It is Warren’s organization, however, that draws the most respect. In conversations with more than a dozen veteran Iowa activists and local party leaders, the Massachusetts senator’s campaign is frequently mentioned as having established the deepest presence in the state, in part because it began organizing long before most other campaigns.
“Iowa caucuses, in particular, are a relationship-building operation. An important part of the strategy is getting out to build these relationships,” said Emily Parcell, an Iowa-based senior adviser to Warren.
Parcell said Warren’s team used its head start to cultivate deeper loyalties, holding book clubs, coffees, gardening and running events tied to Warren’s candidacy. By the time caucus night comes in the dead of winter, she said, “We want them to be proud of standing in that candidate’s corner. And that doesn’t happen overnight.”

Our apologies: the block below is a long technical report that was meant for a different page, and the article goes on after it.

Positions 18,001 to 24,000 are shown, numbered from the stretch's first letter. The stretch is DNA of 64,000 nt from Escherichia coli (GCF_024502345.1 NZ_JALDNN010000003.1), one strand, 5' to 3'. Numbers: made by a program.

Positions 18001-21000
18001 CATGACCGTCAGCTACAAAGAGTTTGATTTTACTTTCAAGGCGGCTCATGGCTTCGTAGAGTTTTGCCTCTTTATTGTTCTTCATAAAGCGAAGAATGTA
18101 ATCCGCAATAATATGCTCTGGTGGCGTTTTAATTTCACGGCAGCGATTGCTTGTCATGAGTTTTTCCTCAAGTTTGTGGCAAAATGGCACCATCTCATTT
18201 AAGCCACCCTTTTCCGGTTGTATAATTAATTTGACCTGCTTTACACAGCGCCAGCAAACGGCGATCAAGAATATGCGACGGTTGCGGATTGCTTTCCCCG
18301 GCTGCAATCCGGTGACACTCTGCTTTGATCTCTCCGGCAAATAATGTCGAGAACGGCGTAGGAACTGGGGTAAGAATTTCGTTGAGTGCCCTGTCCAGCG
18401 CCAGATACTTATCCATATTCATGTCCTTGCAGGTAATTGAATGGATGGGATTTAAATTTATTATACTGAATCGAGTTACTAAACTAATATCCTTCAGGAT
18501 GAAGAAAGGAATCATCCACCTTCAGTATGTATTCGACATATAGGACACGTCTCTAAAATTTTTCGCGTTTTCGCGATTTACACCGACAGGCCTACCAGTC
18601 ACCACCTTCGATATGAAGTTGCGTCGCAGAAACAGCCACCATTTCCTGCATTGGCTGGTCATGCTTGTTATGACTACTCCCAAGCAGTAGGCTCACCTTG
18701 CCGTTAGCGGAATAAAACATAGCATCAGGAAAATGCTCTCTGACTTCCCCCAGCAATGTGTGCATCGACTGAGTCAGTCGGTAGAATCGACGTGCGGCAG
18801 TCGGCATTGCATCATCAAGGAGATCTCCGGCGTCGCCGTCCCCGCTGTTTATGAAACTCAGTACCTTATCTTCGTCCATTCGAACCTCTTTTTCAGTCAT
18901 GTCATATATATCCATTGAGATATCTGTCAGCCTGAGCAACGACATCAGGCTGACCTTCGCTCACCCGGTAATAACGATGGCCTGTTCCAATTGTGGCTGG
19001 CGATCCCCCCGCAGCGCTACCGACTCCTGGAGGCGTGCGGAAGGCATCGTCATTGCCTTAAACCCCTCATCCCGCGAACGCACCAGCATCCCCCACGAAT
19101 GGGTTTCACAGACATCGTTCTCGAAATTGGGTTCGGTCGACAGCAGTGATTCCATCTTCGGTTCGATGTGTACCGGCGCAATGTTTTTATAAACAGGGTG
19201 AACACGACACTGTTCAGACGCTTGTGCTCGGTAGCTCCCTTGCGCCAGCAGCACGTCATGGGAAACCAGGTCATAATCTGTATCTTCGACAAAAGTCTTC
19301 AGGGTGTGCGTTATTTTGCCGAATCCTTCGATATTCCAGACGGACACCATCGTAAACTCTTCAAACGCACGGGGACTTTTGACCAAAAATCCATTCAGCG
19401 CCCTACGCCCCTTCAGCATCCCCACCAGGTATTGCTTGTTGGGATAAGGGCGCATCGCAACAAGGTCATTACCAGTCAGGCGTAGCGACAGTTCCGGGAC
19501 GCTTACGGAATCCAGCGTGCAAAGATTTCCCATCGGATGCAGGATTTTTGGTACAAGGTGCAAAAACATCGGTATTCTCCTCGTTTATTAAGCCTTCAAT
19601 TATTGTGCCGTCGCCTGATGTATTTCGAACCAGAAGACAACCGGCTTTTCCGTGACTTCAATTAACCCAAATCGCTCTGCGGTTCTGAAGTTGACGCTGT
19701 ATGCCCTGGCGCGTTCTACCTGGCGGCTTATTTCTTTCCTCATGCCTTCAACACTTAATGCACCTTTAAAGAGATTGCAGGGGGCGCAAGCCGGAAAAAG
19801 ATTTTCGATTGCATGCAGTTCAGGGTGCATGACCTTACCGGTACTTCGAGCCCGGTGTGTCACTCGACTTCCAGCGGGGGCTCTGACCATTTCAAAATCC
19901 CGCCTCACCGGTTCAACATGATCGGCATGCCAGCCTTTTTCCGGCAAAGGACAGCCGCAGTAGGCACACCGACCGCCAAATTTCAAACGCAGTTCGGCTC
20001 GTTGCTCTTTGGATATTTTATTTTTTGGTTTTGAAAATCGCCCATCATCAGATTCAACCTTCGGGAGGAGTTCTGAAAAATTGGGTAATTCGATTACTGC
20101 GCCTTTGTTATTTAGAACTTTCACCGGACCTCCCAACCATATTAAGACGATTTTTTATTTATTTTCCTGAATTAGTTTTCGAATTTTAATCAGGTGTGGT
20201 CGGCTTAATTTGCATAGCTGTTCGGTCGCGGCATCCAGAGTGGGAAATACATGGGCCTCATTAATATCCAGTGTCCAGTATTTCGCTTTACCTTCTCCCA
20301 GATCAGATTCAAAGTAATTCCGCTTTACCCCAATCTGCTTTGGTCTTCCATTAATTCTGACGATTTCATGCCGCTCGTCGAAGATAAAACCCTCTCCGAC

Warren is so disciplined that when Polk County Democratic officials made a recent call to all 2020 campaigns for help in filling 40 stubbornly empty caucus-night volunteer slots, Warren’s campaign stepped up and filled more than half of them in 48 hours.
“They are so organized, they have not just people but extra people in the hardest precincts even for us to organize,” said Polk County Chair Sean Bagniewski. “All of us want to read the book of how they’re doing what they’re doing after the caucuses. It’s a level of organization like we’ve never seen before.”
Jeff Link, a longtime Iowa Democratic political strategist, is among those who counts himself as impressed by the Warren operation. But he notes that there is still plenty of time for other campaigns — like Harris or Biden — to catch up.
“The State Fair is like half time. We’ve had the first two quarters of the game. We have the 3rd and 4th quarters to play still. If you’re a fan of the NBA, nothing happens until the 4th quarter,” he said. “I wouldn’t be satisfied being ahead at half time.”